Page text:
A Collection of Jazz Poetry — Winter, 2020 Edition

The winter collection of poetry offers readers a look at the culture of jazz music through the imaginative writings of its 32 contributors.  Within these 41 poems, writers express their deep connection to the music – and those who play it – in their own inventive and often philosophical language that communicates much, but especially love, sentiment, struggle, loss, and joy.

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February 17th, 2020

“We Call Him Man-Man” — a poem by Aurora M. Lewis

. . . We Call Him Man-Man ……………In honor of my grandson, Domonic His name is Domonic, we call him Man-Man Only 13, but whatever he wants to do he can He has music running through his veins Beats, rhythms, melodies on his brain At 6 he played the drums in the school drumline moving … Continue reading ““We Call Him Man-Man” — a poem by Aurora M. Lewis”

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January 5th, 2020

A Collection of Jazz Poetry — Fall, 2019 Edition

Twenty-eight poets contribute 37 poems to the Jerry Jazz Musician Fall Poetry Collection, living proof that the energy and spirit of jazz is alive — and quite well.
(Featuring the art of Russell Dupont)

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November 11th, 2019

A collection of jazz poetry — Summer, 2019 edition

Seventeen poets contribute to a collection of jazz poetry reflecting an array of energy, emotion and improvisation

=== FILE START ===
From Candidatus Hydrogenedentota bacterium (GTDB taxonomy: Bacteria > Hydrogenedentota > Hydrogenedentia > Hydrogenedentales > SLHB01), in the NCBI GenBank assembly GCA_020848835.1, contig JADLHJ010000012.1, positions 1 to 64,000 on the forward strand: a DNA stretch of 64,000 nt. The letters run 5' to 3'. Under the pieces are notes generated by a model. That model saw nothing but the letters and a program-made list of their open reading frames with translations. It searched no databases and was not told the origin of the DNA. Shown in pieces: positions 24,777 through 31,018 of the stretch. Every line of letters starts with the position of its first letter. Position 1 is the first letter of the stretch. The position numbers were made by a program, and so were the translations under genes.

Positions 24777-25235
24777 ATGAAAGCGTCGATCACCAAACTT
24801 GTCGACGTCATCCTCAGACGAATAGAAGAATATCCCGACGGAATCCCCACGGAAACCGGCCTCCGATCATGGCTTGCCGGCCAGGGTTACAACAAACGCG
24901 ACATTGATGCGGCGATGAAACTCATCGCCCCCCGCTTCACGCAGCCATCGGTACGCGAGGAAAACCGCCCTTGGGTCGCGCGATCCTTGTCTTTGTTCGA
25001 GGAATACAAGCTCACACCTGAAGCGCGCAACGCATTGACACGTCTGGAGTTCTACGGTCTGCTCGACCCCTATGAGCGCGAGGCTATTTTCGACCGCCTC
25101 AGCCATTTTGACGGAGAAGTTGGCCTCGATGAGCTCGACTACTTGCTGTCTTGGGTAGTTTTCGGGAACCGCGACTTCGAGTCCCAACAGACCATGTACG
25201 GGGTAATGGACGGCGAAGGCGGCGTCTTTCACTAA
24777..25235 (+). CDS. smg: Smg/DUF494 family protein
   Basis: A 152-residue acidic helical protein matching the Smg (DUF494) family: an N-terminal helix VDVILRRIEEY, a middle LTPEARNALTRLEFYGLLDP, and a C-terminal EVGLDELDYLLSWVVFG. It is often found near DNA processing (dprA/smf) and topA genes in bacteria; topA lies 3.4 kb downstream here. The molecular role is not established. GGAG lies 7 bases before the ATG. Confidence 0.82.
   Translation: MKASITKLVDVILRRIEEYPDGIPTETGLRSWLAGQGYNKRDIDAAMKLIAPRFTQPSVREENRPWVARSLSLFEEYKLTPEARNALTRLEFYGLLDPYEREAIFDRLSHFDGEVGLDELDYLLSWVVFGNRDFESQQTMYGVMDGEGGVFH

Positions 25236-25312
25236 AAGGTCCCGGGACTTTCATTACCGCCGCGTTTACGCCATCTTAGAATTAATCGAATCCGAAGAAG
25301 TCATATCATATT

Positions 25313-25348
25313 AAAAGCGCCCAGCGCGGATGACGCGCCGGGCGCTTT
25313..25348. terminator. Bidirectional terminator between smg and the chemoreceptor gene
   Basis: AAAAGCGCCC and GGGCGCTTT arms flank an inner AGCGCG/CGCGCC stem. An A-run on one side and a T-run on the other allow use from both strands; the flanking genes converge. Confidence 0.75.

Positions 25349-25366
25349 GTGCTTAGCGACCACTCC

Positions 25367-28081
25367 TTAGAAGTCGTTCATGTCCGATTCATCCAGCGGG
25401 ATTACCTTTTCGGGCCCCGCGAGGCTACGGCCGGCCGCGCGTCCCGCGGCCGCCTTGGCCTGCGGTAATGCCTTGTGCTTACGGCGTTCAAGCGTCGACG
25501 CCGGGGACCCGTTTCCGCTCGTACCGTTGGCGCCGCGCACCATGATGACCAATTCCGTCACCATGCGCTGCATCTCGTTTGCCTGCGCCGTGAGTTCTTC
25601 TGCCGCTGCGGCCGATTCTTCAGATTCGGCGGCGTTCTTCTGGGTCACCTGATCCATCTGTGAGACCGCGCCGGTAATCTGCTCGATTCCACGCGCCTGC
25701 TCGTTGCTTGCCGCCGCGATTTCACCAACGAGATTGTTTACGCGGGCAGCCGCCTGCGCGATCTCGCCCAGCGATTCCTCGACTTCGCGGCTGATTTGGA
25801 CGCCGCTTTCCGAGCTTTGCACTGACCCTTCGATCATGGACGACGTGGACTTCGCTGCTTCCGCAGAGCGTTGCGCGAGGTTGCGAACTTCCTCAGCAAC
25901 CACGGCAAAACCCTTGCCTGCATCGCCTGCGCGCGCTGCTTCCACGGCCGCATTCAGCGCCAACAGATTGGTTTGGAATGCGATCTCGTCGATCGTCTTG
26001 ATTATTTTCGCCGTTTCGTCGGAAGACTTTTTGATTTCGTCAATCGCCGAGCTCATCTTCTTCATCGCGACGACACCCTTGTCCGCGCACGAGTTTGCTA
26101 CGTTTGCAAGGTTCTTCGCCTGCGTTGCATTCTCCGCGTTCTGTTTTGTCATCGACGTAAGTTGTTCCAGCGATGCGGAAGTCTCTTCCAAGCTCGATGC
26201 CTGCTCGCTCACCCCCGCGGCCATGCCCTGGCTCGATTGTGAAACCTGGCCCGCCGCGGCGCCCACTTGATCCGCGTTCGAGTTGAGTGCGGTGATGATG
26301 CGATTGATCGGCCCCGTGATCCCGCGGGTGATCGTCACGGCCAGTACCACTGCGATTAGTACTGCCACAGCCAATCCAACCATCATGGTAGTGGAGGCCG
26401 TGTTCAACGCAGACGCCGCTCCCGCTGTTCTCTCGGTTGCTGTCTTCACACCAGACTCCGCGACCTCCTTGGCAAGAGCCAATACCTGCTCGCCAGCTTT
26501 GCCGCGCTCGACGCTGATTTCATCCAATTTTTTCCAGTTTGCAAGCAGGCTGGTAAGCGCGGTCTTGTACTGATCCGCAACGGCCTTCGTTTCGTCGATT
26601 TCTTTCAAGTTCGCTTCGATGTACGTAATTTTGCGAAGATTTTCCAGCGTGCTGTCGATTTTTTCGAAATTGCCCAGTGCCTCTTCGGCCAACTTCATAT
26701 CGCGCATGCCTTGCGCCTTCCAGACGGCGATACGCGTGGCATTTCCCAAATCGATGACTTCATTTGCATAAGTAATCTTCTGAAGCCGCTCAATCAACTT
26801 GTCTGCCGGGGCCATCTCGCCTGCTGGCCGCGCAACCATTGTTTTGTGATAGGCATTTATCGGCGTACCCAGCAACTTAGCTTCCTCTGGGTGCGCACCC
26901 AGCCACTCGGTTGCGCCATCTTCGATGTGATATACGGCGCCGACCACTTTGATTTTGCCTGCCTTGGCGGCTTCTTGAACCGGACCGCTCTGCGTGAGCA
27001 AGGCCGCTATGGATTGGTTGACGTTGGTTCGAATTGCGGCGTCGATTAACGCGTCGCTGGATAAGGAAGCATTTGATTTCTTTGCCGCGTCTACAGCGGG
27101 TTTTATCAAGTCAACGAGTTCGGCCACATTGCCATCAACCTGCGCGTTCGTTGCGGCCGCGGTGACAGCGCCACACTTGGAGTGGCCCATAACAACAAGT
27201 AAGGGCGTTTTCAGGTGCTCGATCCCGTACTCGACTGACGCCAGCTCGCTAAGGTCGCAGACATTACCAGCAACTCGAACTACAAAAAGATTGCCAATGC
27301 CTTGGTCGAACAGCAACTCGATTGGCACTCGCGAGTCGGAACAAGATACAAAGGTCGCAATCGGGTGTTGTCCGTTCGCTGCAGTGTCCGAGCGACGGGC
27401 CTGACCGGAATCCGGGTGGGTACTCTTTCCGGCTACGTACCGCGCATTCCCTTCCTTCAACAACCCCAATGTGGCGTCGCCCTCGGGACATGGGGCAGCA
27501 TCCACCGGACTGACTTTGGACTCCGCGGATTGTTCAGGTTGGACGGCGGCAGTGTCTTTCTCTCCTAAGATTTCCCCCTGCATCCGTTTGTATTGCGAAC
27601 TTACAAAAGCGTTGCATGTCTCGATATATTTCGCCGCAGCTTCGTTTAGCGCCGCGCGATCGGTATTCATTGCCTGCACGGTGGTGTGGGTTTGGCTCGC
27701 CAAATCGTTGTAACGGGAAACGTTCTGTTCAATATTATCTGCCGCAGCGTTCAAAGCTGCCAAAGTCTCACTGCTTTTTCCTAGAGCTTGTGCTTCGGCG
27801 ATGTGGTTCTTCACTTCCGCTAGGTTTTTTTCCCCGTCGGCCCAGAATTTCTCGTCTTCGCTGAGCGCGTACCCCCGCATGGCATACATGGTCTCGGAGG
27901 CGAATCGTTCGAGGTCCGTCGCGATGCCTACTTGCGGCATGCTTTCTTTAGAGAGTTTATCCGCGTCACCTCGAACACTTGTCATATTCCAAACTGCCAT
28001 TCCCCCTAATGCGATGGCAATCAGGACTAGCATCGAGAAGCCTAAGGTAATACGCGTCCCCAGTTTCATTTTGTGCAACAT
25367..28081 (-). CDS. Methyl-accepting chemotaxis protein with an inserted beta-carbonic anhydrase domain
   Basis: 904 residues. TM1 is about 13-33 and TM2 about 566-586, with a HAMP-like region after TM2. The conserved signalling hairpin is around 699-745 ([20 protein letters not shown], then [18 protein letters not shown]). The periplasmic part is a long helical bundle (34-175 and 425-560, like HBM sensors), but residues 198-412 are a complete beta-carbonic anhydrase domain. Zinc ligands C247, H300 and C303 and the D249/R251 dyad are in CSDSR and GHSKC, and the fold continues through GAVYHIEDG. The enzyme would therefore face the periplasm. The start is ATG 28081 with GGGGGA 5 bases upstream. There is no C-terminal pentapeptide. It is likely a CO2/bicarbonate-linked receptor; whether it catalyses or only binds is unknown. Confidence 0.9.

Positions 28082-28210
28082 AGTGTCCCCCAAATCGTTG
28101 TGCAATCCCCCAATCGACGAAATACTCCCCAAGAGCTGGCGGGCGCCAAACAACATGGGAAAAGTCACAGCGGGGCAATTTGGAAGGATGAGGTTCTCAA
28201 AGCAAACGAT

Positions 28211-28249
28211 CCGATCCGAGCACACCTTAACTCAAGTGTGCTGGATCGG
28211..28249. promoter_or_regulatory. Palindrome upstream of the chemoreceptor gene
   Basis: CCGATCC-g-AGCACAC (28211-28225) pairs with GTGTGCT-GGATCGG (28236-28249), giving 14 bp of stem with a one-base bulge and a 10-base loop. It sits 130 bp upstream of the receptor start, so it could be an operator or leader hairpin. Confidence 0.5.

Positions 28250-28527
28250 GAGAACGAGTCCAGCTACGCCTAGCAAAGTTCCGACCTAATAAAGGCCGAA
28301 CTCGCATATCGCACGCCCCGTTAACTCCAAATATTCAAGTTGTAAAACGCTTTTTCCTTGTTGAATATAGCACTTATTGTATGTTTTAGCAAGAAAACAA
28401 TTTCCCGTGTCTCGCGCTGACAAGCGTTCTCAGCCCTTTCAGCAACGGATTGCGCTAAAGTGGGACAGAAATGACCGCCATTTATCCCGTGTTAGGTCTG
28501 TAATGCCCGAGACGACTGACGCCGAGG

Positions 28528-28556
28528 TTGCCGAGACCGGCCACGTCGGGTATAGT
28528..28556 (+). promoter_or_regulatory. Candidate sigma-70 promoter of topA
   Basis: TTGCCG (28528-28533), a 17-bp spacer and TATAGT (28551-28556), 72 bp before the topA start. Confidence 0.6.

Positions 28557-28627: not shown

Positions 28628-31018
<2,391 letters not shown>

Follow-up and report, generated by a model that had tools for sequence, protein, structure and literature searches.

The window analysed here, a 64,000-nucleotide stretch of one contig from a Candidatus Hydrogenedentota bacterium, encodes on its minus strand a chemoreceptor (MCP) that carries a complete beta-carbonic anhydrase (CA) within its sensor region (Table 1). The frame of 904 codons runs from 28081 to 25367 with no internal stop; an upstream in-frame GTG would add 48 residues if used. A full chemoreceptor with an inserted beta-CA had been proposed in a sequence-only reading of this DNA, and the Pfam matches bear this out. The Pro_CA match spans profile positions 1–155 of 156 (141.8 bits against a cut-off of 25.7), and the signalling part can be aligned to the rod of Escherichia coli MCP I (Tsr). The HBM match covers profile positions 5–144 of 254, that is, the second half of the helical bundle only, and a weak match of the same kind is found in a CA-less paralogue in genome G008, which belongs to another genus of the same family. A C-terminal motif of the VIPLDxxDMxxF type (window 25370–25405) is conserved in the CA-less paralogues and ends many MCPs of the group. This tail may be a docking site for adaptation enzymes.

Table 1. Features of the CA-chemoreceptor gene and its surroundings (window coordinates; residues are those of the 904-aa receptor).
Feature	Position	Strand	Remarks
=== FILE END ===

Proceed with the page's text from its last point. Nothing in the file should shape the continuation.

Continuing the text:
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July 25th, 2019

A collection of jazz poetry — June, 2019 edition

In this month’s collection, with great jazz artists at the core of their work, 16 poets remember, revere, ponder, laugh, dream, and listen

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June 6th, 2019

A special collection of poetry devoted to mothers and fathers

This month, in a special collection of poetry, eight poets contribute seventeen poems focused on stories about family, and honoring mothers and fathers

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May 8th, 2019

A collection of jazz poetry — April, 2019 edition

Seventeen poets contribute 21 poems in this month’s edition…

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April 10th, 2019

A collection of jazz poetry — March, 2019 edition

18 poets contribute 20 poems to the March collection

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March 8th, 2019

A collection of jazz poetry — February, 2019 edition

Twelve poets contribute 15 poems to this month’s collection

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February 5th, 2019

A collection of poetry celebrating the culture of jazz — January, 2019

  . . In this collection, nine poets contribute ten poems celebrating jazz in poems as unique as the music itself . . . .   I Am Jazz . I Am Jazz. It is my nature to evolve, to change and adapt. I’m restless. I move towards a future I cannot see or predict. … Continue reading “A collection of poetry celebrating the culture of jazz — January, 2019”

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January 7th, 2019